Besides its proximity to the Kangaroo Island, the South Australian capital is also synonymous with being home to Sir Donald Bradman.
No wonder that besides christening the street outside the Adelaide Airport as the Sir Donald Bradman Road and preserving the Don's memories in the Bradman Museum at the Adelaide Oval, the authorities have also given a 'Heritage Site' status to the house where the Don breathed his last just over a decade ago. Today, '2, Holden Street, Kensington Park' has become one of the most sought after addresses for cricket aficionados. Though the one-storeyed house is mostly locked, with the Bradman family moving to a new house across the road, neighbours have tales to narrate about the legend, who moved to Adelaide in 1935, 66 years before his demise.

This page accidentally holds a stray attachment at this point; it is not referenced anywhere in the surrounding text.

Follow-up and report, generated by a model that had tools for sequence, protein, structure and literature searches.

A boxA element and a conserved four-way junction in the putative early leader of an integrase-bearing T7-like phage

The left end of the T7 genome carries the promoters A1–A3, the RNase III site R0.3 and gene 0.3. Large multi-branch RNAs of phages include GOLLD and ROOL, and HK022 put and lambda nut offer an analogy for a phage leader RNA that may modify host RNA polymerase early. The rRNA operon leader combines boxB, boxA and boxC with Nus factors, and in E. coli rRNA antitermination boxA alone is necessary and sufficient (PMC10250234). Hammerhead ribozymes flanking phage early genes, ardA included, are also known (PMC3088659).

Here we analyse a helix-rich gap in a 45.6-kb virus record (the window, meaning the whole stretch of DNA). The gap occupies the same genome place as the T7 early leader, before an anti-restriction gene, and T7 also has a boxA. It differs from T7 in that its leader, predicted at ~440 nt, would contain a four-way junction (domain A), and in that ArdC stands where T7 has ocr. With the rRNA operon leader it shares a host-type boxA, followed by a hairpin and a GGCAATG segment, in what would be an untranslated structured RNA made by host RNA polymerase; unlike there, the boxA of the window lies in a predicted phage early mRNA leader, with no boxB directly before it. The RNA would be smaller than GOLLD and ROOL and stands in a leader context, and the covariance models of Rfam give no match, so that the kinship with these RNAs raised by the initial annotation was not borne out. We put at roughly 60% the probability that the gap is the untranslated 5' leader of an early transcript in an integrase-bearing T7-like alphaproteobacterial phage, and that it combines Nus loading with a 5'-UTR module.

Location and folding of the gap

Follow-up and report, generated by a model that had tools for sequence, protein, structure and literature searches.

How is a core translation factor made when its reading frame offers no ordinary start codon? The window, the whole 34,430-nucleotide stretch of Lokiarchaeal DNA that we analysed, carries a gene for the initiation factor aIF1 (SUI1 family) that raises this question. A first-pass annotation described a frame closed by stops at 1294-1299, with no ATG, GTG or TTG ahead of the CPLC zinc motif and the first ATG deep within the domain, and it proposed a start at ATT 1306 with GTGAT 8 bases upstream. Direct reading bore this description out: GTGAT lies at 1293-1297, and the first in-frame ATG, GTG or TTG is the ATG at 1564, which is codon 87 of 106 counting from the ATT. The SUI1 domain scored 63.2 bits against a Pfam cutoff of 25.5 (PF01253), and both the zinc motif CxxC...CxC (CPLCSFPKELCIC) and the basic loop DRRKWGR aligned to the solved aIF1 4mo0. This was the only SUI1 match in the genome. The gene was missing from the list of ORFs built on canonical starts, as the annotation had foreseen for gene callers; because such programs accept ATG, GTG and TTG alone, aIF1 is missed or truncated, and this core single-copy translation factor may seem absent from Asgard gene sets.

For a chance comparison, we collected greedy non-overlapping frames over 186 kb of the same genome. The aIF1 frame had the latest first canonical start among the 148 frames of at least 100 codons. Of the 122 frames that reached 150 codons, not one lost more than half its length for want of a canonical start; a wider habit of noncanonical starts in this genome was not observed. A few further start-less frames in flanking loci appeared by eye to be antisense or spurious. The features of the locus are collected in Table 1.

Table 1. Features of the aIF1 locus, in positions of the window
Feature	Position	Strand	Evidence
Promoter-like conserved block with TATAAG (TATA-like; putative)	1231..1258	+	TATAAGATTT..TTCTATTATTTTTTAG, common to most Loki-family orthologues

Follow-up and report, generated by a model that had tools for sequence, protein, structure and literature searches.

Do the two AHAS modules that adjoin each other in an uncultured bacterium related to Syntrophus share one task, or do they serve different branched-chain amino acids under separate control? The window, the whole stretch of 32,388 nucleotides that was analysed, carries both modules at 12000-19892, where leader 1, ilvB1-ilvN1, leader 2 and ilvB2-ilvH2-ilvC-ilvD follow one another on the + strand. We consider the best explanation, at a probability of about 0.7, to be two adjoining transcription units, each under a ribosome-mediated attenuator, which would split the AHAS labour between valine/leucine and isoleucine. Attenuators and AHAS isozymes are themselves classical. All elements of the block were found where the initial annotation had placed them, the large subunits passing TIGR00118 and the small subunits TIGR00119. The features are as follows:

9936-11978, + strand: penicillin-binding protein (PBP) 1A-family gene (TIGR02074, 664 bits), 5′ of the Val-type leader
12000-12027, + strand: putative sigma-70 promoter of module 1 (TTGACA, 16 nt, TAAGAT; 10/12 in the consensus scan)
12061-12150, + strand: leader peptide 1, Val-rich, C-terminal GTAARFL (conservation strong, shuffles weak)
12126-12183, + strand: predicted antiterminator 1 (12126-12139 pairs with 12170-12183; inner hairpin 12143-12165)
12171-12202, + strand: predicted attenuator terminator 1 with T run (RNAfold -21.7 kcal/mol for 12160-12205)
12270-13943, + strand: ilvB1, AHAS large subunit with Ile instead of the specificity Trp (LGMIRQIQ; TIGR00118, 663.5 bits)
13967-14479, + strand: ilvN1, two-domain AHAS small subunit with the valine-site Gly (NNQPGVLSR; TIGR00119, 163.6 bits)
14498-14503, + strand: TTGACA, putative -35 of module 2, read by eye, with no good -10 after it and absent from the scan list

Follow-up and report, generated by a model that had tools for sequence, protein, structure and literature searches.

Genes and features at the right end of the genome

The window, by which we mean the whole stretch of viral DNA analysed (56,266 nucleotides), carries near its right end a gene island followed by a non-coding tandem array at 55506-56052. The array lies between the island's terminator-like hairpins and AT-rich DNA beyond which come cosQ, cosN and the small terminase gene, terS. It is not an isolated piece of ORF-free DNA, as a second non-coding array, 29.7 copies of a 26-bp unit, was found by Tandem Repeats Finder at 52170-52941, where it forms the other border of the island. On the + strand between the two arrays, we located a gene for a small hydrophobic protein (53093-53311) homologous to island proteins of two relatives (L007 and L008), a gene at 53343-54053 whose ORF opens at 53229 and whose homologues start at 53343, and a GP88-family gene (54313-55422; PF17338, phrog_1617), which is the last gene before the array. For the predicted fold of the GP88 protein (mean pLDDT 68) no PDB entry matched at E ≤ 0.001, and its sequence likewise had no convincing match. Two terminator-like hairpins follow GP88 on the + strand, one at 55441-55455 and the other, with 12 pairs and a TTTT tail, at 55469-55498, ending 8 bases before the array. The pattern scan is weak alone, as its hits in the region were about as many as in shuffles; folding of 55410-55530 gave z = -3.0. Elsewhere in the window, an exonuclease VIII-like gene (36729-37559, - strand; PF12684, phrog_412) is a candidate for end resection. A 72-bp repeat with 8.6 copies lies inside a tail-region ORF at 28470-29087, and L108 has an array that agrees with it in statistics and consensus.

“We respected the great cricketer and his privacy,” recalls Janie. “I used to stay two houses away before moving across the street recently. He used to acknowledge most of us when he used to go out in his car for his favourite exercise - shopping.”
But didn't the Don get hounded with requests for autographs? “Since he was a reserved person, I preferred not to request him for an autograph. The only time I did was when two of my acquaintances had come to visit us from England, and they wanted his autograph. And he obliged immediately,” says Janie. “In fact, I never ever asked one for my children.”
A few days after his demise on February 25, 2001, the rest of his family moved into a new house in the same lane. But they haven’t left the famous house.
“Most of them visit the house regularly in order to maintain it,” says Nick Coogh, who resides opposite the famous bungalow. “Sometimes they even make good use of the (swimming) pool in the house. Though I have never entered the house, it is said that they have preserved it well.”